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Histopathological stages of nonalcoholic fatty liver disease in type 2 diabetes: prevalences and correlated factors

Authors

  • Nathalie C. Leite,

    1. Department of Internal Medicine, Medical School and University Hospital Clementino Fraga Filho, Federal University of Rio de Janeiro, Rio de Janeiro, Brazil
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  • Cristiane A. Villela-Nogueira,

    1. Department of Internal Medicine, Medical School and University Hospital Clementino Fraga Filho, Federal University of Rio de Janeiro, Rio de Janeiro, Brazil
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  • Vera L. N. Pannain,

    1. Department of Pathology, Medical School and University Hospital Clementino Fraga Filho, Federal University of Rio de Janeiro, Rio de Janeiro, Brazil
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  • Adriana C. Bottino,

    1. Department of Pathology, Medical School and University Hospital Clementino Fraga Filho, Federal University of Rio de Janeiro, Rio de Janeiro, Brazil
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  • Guilherme F. M. Rezende,

    1. Department of Internal Medicine, Medical School and University Hospital Clementino Fraga Filho, Federal University of Rio de Janeiro, Rio de Janeiro, Brazil
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  • Claudia R. L. Cardoso,

    1. Department of Internal Medicine, Medical School and University Hospital Clementino Fraga Filho, Federal University of Rio de Janeiro, Rio de Janeiro, Brazil
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  • Gil F. Salles

    1. Department of Internal Medicine, Medical School and University Hospital Clementino Fraga Filho, Federal University of Rio de Janeiro, Rio de Janeiro, Brazil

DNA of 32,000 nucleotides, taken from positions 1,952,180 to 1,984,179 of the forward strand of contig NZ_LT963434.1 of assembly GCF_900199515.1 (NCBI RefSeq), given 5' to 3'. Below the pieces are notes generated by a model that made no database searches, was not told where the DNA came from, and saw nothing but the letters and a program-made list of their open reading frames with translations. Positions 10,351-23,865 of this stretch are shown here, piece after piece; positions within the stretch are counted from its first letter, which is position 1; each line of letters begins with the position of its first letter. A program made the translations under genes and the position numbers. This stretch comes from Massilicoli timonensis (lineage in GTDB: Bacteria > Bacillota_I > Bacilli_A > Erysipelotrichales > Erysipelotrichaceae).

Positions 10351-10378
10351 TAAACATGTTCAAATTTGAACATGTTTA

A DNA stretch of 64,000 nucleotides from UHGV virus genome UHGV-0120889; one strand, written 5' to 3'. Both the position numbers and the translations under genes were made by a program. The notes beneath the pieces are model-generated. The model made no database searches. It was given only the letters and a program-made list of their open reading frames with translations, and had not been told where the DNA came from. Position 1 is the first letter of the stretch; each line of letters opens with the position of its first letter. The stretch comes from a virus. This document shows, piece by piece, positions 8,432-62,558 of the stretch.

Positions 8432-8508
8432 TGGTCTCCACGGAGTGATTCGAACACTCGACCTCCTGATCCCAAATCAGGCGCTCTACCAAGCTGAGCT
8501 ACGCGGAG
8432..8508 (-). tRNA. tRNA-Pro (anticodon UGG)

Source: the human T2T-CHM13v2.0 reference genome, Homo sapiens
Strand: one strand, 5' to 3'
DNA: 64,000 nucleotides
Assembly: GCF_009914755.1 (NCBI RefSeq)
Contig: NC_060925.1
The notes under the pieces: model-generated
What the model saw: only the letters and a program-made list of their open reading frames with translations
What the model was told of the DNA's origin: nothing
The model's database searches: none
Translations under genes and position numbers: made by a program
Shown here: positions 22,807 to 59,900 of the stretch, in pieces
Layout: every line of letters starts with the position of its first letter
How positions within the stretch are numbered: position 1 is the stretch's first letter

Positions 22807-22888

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Correspondence
Gil Fernando Salles, PhD, Rua Croton 72, Rio de Janeiro, CEP 22750-240, Brazil
Tel: +55 21 24473577
Fax: +55 21 25622514
e-mail: gilsalles@hucff.ufrj.br

Abstract

Background/Aims: Nonalcoholic fatty liver disease (NAFLD) is highly prevalent in type 2 diabetes mellitus (T2DM). However, data regarding the prevalence and correlates of its histopathological stages are scarce. The aim was to investigate the prevalence and correlates of the more severe histopathological features of NAFLD, nonalcoholic steatohepatitis (NASH) and advanced fibrosis, in T2DM.

Methods: From 125 patients with ultrasonographic evidence of NAFLD, 98 patients underwent liver biopsies, which were examined by two independent pathologists regarding the presence of NASH and graded according to the NASH Clinical Research Network scoring system. Agreement between pathologists was assessed by weighted κ coefficients and independent correlates of NASH and advanced fibrosis (grade ≥2) by multivariate logistic regression.

Results: Ninety-two (94%) patients presented histological NAFLD. Interobserver agreement was substantial to excellent for NASH diagnosis (κ=0.82) and steatosis grading (κ=0.76), and moderate for the NAFLD activity score (κ=0.58) and fibrosis grading (κ=0.52). The prevalence of NASH was 78%, and its independent correlates were hypertriglyceridaemia (P=0.034), high alanine aminotranferase level (P=0.044) and low serum high-density lipoprotein-cholesterol (P=0.079). The prevalence of advanced fibrosis ranged from 34% in the best scenario (lowest fibrosis score) to 60% in the worst scenario (highest score). Its independent correlates were a high serum γ-glutamyl transferase (P=0.002), older age (P=0.022) and male gender (P=0.064). No diabetes-related clinical characteristic was associated with NASH or advanced liver fibrosis.

Conclusions: The prevalence of the severe features of NAFLD is high in T2DM patients. Liver biopsy shall be considered in all diabetic patients with ultrasonographic evidence of NAFLD.

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